Yet, Lahiri does not focus exclusive attention on assimilated Bengalis. In ‘Mrs. Sen’s’, she offers a sensitive portrait of a recent immigrant whose attachment to her life in India makes it difficult for her to adjust to the US. One day, while she babysits the eleven-year-old Eliot, Mrs. Sen asks him: ‘Eliot, if I began to scream right now at the top of my lungs, would someone come?’ Eliot, having become gradually attached to Mrs. Sen, wonders why she would ask such a curious question. Mrs. Sen explains to Eliot that her life in India afforded her immediate access to people, to neighbours who would come to her aid should she need it. As Lahiri draws out the story, Mrs. Sen’s maternal sensibility offers Eliot protection and comfort, qualities which Eliot’s mother seems unable to offer due to the demands of her work schedule. Written from a third person, limited perspective, Eliot observes how Mrs. Sen meets him on his way home from school:
Eliot always sensed that Mrs. Sen had been waiting for some time, as if eager to greet a person she hadn’t seen in years. The hair at her temples blew about in the breeze, the column of vermillion fresh in her part…As they walked back from the bus stop she produced a sandwich bag from her pocket, and offered Eliot the peeled wedges of an orange, or lightly salted peanuts, which she had already shelled. (p. 119)
It is Lahiri’s subtle use of images of remotely-prepared food that show readers the depth of Mrs. Sen’s maternal instincts, but also her longing for a relationship in a country which makes human connection intermittent and difficult. Mrs. Sen’s loneliness differs little from the pain many immigrants face when coming to a culture which too easily prizes independence and offers little opportunity for community.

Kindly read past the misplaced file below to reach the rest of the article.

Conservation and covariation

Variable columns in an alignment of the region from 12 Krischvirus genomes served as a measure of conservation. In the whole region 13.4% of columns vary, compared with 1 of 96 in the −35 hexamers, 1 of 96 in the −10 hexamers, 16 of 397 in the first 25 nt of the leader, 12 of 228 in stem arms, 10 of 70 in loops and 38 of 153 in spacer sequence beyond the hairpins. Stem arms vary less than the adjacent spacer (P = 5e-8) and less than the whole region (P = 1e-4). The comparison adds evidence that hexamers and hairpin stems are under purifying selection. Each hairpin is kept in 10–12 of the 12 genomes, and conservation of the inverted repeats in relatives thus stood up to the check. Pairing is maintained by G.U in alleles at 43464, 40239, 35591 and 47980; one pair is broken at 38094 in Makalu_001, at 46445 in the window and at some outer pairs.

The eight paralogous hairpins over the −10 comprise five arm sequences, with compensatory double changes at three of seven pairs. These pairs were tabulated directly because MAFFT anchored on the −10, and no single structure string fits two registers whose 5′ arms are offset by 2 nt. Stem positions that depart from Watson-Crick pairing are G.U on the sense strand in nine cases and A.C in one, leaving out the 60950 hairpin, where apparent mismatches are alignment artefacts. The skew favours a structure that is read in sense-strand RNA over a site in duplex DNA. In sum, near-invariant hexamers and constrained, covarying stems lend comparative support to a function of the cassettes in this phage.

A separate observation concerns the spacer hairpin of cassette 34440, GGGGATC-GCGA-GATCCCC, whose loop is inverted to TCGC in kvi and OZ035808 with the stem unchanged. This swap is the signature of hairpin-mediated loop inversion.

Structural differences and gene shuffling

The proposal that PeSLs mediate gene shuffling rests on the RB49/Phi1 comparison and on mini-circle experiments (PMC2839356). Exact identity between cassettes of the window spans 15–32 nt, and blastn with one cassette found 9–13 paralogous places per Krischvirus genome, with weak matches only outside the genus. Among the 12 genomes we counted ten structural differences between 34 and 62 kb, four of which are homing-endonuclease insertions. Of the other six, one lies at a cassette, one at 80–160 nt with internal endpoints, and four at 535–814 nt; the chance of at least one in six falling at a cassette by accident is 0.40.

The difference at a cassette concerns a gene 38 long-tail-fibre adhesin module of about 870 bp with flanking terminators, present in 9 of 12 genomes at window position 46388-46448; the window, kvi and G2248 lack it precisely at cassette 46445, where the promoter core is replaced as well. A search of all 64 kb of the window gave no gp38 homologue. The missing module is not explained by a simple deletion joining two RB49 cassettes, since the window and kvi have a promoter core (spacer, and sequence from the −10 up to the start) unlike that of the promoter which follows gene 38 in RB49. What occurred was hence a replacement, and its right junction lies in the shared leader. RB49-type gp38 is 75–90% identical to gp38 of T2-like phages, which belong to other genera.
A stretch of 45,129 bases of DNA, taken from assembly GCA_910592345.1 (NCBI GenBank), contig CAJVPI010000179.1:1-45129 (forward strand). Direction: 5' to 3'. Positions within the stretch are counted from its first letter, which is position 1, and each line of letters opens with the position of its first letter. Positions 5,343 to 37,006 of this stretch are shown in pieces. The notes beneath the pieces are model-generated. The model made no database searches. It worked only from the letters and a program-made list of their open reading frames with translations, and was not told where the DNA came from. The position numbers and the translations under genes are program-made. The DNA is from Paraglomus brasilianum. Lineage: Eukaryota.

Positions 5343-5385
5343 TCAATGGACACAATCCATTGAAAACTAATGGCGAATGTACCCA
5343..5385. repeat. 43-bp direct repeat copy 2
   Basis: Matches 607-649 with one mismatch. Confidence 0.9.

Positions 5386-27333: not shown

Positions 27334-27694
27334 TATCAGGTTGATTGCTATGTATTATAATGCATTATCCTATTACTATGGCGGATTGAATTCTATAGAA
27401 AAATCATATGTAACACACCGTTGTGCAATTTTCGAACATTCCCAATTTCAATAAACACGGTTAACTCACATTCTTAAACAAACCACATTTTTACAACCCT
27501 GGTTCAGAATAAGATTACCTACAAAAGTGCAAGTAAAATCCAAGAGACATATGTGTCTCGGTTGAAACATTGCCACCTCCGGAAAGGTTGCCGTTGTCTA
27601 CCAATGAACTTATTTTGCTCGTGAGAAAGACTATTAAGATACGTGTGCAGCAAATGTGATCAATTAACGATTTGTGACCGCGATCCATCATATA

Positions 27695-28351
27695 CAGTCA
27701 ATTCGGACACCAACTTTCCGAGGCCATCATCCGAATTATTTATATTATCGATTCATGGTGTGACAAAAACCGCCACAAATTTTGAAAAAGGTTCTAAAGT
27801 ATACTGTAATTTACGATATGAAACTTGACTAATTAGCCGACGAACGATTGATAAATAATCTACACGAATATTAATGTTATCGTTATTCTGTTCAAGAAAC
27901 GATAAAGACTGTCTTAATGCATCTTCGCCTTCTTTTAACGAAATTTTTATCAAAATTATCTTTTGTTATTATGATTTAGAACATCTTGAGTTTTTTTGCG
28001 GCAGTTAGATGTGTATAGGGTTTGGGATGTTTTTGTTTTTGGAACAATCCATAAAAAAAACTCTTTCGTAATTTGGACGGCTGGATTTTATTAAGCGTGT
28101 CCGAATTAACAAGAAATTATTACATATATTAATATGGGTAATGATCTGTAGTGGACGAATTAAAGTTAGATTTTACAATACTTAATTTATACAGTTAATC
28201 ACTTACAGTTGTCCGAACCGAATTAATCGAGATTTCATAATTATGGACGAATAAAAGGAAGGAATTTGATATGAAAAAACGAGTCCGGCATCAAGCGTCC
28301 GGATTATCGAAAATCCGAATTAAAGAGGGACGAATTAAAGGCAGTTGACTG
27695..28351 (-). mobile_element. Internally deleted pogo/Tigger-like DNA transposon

Lahiri’s stories are poignant without being mawkish. Like any good writer, she does not force issues but raises them and allows readers to draw their own conclusions. If she manages to show us the difficulties of assimilation, it is only in those instances in which Bengali-Americans have assumed easy privilege without considering what they have sacrificed from their own heritage, which may still be a source of knowledge and wisdom. Lahiri warns immigrants not to give up too quickly on something that may still be of value. Where do we place our faith upon immigration? Does one place it exclusively in the new culture? And if so, what are the consequences of doing so?
Kermode continues with Mukařovský and says: ‘Mukařovský further believed that part of the pleasure and the value its presence indicates and measures is likely to lie in the power of the object to transgress, to depart, interestingly and revealingly, from the accepted ways of such artifacts.’ (p. 19) If Lahiri departs from the accepted ways which precede her, it is in her willingness to challenge the reader to reclaim one’s lost, and perhaps neglected, ethnic origins while maintaining a certain measured loyalty to the larger evolving local culture which demands negotiation in order to find belonging.
Dennis Recio SJ is a lecturer at the University of San Francisco and teaches in the English Department and the Saint Ignatius Institute (Great Books programme).
You really must read…
Angel Pavement by J.B. Priestley, recommended by Simon Potter
Fredy Neptune by Les Murray, recommended by Nathan Koblintz
Tau Zero by Poul Anderson, recommended by David Baird
Voss by Patrick White, recommended by Karen Eliasen
The Secret History by Donna Tartt, recommended by Michael Kirwan SJ
The Brothers Karamazov by Fyodor Dostoevsky, recommended by Niall Leahy SJ